loading...
Cover image for Dockerize your integration tests

Dockerize your integration tests

vga profile image Victor Gallet ・6 min read

Most of our applications have to talk to a database, a HTTP API, a message broker, a SMTP server, etc… And it's quite complicated to set up a real test environment with those components.

In some cases, we can simply mock those components or have an in-memory one during test execution. For example, H2 ou HSQLDB are in-memory databases well-known for being used during integration tests. However, they are not the one used in production environment and our tests can seem unrepresentative.
Today, it's possible to use all the power of Docker and set up a connected test environment easily thanks to Testcontainers.

testcontainers logo

Testcontainers

Testcontainers allows us to easily manipulate Docker containers during test execution. It uses the Docker client docker-java to communicate with Docker daemon. It works with most operating systems and environments and despite the best-efforts support for Windows, I use it on a daily basis with Docker Toolbox. You can find the matrix compatibility here.

When you create a container, Testcontainers will try to connect to the Docker daemon by using DOCKER_HOST, DOCKER_TLS_VERIFY and DOCKER_CERT_PATH variables. These environment variables can be easily overridden in the JVM for example.

Create a container

Containers are represented with the object GenericContainer. It's possible to create a container from an image, a Dockerfile or from a Dockerfile created on the fly. In addition, it's possible to create containers from a Docker Compose file.
For instance, this is an Elasticsearch server created from the image docker.elastic.co/elasticsearch/elasticsearch:6.1.1.

GenericContainer container = new GenericContainer("docker.elastic.co/elasticsearch/elasticsearch:6.1.1")
   .withEnv("discovery.type", "single-node")
   .withExposedPorts(9200)
   .waitingFor(
      Wait
       .forHttp("/_cat/health?v&pretty")
       .forStatusCode(200)
   );

We can see that it's fairly easy to provide environment variables to the container with the method withEnv. In this case, it's the variable discovery.type with value single-node.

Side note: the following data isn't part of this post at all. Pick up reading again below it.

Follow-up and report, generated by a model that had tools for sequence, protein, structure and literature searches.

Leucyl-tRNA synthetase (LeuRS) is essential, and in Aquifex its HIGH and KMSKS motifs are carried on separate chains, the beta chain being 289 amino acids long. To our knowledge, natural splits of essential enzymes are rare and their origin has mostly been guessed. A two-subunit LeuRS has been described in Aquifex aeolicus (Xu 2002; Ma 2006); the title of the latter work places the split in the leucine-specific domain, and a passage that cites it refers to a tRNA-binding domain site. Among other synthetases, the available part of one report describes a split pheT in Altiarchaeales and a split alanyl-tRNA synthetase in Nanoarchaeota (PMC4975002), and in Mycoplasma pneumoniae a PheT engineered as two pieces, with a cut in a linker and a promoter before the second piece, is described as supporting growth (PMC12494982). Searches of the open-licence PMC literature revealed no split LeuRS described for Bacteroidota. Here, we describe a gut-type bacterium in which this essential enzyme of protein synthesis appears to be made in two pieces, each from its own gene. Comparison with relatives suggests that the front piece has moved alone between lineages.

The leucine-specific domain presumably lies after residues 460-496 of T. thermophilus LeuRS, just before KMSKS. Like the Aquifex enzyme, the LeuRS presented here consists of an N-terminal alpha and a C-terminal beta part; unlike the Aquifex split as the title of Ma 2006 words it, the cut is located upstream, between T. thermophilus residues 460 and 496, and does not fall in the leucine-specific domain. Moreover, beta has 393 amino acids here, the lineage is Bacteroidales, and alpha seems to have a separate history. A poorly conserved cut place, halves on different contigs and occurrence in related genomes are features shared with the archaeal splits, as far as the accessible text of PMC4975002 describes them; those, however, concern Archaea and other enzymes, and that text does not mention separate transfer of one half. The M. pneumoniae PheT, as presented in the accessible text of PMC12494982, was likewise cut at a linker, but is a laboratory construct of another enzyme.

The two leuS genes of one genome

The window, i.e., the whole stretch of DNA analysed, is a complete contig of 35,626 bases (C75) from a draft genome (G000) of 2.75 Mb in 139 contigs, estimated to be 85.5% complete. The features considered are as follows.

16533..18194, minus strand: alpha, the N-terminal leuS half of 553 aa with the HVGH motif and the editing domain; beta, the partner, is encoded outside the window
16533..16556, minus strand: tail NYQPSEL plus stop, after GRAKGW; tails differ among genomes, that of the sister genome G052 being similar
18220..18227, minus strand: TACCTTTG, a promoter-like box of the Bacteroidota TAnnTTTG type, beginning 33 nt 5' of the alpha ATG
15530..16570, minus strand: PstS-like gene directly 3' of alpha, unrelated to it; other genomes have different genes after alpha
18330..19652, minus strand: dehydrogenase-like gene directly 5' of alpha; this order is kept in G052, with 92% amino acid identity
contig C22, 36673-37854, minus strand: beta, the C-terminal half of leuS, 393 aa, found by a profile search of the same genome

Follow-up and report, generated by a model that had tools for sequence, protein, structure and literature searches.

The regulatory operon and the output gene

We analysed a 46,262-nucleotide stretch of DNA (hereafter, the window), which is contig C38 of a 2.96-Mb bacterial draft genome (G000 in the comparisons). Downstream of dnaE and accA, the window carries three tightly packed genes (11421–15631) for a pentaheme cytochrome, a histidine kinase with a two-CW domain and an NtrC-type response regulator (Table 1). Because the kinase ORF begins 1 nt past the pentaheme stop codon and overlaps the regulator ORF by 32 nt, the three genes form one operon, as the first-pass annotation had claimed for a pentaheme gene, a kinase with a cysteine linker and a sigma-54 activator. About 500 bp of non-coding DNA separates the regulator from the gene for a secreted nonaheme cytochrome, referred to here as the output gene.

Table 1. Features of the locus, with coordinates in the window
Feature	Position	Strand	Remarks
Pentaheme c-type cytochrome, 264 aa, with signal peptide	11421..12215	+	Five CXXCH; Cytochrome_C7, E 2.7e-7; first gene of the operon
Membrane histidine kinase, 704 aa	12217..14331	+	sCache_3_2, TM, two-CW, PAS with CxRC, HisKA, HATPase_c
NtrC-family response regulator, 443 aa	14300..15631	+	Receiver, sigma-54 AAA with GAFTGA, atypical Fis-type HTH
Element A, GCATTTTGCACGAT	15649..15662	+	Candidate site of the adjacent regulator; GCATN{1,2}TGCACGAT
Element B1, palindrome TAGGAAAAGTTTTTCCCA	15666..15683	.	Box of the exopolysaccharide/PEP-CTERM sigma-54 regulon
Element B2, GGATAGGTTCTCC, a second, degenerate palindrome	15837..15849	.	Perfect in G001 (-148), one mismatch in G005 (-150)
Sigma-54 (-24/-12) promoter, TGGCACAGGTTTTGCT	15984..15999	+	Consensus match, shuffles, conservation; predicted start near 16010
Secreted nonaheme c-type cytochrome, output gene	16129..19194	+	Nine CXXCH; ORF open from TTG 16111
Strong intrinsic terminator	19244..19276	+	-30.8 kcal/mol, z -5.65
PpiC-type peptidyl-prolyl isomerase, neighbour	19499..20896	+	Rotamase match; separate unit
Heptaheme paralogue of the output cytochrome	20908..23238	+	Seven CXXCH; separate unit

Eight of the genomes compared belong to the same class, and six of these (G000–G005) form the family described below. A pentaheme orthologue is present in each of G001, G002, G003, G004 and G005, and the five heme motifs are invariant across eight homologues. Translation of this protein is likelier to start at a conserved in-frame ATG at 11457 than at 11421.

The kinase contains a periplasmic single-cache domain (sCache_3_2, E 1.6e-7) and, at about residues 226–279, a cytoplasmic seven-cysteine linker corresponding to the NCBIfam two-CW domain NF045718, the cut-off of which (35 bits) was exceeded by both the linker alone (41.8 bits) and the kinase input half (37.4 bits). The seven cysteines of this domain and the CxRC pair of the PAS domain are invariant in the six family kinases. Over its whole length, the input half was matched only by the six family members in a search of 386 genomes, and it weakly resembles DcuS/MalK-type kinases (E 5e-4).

Next, we make sure that our container is up by making an HTTP call on /_cat/health API and having a 200 code response. There are also other strategies to assert a container is running:

  • Wait.forLogMessage waits for a log message,
  • Wait.forListeningPort waits for a listening port
  • Wait.forHealthcheck enables to use HEALTHCHECK feature from docker.

To finalize the container configuration, our container is exposing internal port 9200 and this is explicitly set with the method withExposedPorts. It means that Testcontainers will map this container's port to a random port. It's possible to retrieve mapped port with the method getMappedPortotherwise we can define port bindings with the method setPortBindings. Here, we expose the port 9200 from our container to port 9200:

container.setPortBindings(Arrays.asList("9200:9200"));

That's it! Our Elasticsearch server is ready to be used. To start it up, we simply have to execute the start method:

container.start();

At startup, Testcontainers will run a bunch of checks like the docker version or the connection to the registered Docker Registry. This can be blocking if you are working behind a company proxy, so it's possible to disable those checks by creating the file testcontainers.properties in the tests resources directory with this content:

check.disable=true

At last, we can stop our container with the method stop.

container.stop();

This will stop the container and also remove the attached volume. This is great because it prevents having dangling volumes.

During Tests

One great strength of Testcontainers is its integration with JUnit framework. In fact, GenericContainer objects are JUnit rules. It means that their lifecycle is directly bound to the test lifecycle. Thereby, by using the @Rule or @ClassRule JUnit annotations, our containers will be initialized before the test start-up and stopped at the end of the tests execution.

@ClassRule
public static GenericContainer redis = new GenericContainer("redis:3.0.2")
               .withExposedPorts(6379);

Nevertheless, it means that Testcontainers will come with a JUnit 4 dependency and it can be annoying if your tests run with JUnit 5. Indeed, JUnit has replaced the Rule concept with Extension. Since the version 1.10.0 released on November 2018, Testcontainers supports now JUnit 5 and it's possible to use extensions with the help of @Testcontainersand @Container annotations from the dedicated library junit-jupiter: